One final interesting tidbit I learned from my aunts:

My granny once helped Unk regain incorrect withholdings from his military pension.¹¹ He was receiving a reduced amount, perhaps because of some relationship with the mysterious Hazel. I’m not sure what Granny did to have the full amount restored, but it seems the government couldn’t find Hazel or Doyle, meaning Unk could then receive all his pension. I would love to solve the Hazel/Doyle puzzle, but if the United States military couldn’t find them, I doubt my investigation will end any differently. But I’ll still give it a try, of course…


¹Ancestry, Find A Grave, database with images ( https://www.findagrave.com/memorial/13566606/mcm : accessed 4 Aug 2019), memorial 13566606, John Wright McMurry (1918-1984), Ogden Cemetery, Liddieville, Franklin Parish, Louisiana.

²1920 U.S. census, Franklin Parish, Louisiana, population schedule, Ward 8, p. 2-A, dwelling 27, family 27, George Murrie household; digital image, Ancestry.com (https://www.ancestry.com/interactive/6061/4300967_00921: accessed 31 May 2019); citing NARA microfilm publication T625, roll 612.

³ “Louisiana Deaths, 1850-1875, 1894-1960,” database with images; FamilySearch (https://familysearch.org/ark:/61903/1:1:QLHZ-BLDQ : accessed 9 Mar 2019); citing Louisiana State Department of Health, death certificate 13374 (1920), George McMurray, Louisiana State Archives, Baton Rouge. 

“Louisiana Deaths, 1850-1875, 1894-1960,” database with images; FamilySearch (https://familysearch.org/ark:/61903/1:1:QLHZ-BLDQ : accessed 9 Mar 2019); citing Louisiana State Department of Health, death certificate 6426 (1932), Lula Horne, Louisiana State Archives, Baton Rouge.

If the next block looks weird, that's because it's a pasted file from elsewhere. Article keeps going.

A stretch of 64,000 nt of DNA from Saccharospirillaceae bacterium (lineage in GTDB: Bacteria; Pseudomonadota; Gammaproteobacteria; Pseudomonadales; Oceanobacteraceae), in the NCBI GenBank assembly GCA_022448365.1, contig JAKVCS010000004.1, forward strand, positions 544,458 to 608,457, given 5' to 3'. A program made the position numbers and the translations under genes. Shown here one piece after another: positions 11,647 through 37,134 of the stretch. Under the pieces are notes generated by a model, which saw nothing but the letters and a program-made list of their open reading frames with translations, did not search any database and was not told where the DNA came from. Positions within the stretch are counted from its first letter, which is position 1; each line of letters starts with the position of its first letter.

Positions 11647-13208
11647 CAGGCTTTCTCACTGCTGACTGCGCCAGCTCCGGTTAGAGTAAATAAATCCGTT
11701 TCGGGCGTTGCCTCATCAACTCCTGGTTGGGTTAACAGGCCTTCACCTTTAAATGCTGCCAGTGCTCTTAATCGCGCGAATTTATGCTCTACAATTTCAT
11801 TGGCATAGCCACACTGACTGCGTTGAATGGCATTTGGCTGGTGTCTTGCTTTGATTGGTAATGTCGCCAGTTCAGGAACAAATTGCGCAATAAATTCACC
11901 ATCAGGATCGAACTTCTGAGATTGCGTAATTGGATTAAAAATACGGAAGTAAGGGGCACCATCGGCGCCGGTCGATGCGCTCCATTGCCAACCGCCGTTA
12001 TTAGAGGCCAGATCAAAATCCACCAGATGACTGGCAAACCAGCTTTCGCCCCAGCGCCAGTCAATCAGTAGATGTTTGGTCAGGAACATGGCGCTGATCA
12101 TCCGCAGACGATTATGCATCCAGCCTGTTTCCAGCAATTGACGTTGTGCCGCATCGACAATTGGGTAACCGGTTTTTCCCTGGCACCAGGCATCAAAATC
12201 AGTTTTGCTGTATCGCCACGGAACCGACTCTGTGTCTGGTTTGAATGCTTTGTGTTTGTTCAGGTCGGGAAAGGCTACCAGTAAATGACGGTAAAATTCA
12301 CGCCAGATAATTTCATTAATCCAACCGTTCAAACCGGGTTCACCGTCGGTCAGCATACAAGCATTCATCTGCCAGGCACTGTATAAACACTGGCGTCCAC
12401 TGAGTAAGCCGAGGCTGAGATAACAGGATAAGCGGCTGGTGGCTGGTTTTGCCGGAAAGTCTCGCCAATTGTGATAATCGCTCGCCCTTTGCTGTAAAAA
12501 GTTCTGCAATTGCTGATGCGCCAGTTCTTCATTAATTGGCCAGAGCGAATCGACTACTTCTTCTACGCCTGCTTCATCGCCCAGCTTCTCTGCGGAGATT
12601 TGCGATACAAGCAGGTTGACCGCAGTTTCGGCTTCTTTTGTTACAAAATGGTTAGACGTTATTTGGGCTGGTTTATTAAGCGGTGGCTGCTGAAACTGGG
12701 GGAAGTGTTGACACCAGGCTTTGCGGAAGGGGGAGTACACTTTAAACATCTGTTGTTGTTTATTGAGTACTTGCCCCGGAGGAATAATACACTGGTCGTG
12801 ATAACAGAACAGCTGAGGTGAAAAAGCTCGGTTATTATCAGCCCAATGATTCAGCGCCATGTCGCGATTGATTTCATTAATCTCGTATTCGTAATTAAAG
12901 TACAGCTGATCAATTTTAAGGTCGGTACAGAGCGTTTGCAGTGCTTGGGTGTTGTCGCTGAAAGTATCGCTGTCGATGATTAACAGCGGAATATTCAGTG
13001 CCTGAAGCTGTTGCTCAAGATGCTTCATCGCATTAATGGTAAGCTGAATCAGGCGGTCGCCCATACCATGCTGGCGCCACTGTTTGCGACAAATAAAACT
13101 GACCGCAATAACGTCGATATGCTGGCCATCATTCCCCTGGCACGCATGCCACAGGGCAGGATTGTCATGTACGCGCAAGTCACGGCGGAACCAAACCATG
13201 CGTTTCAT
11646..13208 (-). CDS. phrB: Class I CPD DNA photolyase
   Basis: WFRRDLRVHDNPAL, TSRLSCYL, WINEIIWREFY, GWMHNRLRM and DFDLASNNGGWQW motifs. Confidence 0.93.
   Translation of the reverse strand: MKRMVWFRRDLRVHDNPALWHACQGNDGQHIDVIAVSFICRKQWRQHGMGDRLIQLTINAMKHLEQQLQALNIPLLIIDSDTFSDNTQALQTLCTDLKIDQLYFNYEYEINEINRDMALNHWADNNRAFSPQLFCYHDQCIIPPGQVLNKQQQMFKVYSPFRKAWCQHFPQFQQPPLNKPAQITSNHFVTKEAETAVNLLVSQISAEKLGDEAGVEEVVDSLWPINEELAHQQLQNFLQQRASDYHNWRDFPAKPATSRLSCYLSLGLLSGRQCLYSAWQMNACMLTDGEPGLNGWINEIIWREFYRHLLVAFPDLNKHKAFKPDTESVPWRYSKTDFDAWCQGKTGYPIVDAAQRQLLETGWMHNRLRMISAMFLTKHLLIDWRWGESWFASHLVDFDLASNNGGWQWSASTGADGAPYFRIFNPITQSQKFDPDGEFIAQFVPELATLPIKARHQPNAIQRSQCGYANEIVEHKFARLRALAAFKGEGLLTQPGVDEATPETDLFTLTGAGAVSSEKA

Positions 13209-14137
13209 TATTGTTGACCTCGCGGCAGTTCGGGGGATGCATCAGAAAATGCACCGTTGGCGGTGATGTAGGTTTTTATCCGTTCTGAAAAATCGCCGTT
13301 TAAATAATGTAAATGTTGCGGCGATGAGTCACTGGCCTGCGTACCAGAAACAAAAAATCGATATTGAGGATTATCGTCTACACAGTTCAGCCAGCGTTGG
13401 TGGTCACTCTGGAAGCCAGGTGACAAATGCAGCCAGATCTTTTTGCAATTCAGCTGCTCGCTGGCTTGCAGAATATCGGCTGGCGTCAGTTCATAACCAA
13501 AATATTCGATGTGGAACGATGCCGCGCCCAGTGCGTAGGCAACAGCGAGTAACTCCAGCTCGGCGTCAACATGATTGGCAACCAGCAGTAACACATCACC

⁴Department of Veterans Affairs, “BIRLS Death File, 1850-2010,” database, Ancestry.com (https://www.ancestry.com/search/collections/vadeaths/ : accessed 4 Aug 2019), entry for John McMurry (1918-1984).

⁵John W McMurry, WWII Army Enlistment Records, 26 Oct 1945, Hayward AAF, California; digital image, Fold3.com ( https://www.fold3.com/record/90457649-john-w-mcmurry : accessed 4 Aug 2019), citing NARA record group 64, box 1321, card 1.

Ibid.

⁷Lillian Horne Killen, Georgia Horne Lofton, and Mary Horne Brown, daughters of William George Dewey Horne (ADDRESSES REDACTED FOR PRIVACY), interview by Jessica Horne Collins, 20 November 2018; audio recording privately held by interviewer, Houston, Texas, 2018.

⁸Department of Veterans Affairs, “BIRLS Death File, 1850-2010,” database, Ancestry.com (https://www.ancestry.com/search/collections/vadeaths/ : accessed 4 Aug 2019), entry for John McMurry (1918-1984).

⁹Lillian Horne Killen, Georgia Horne Lofton, and Mary Horne Brown, daughters of William George Dewey Horne (ADDRESSES REDACTED FOR PRIVACY), interview by Jessica Horne Collins, 20 November 2018; audio recording privately held by interviewer, Houston, Texas, 2018.

¹⁰Ancestry, Find A Grave, database with images ( https://www.findagrave.com/memorial/13566606/mcm : accessed 4 Aug 2019), memorial 13566606, John Wright McMurry (1918-1984), Ogden Cemetery, Liddieville, Franklin Parish, Louisiana.

¹¹Lillian Horne Killen, Georgia Horne Lofton, and Mary Horne Brown, daughters of William George Dewey Horne (ADDRESSES REDACTED FOR PRIVACY), interview by Jessica Horne Collins, 20 November 2018; audio recording privately held by interviewer, Houston, Texas, 2018.

One thought on “John Wright McMurry: My Granny’s Brother”

  1. In all our memories, I’m finding the widespread daily family get-togethers over food and/or coffee the very nest. At the same time its sad because its something that seems to have mostly died out, with most of us working away from home in non farming jobs.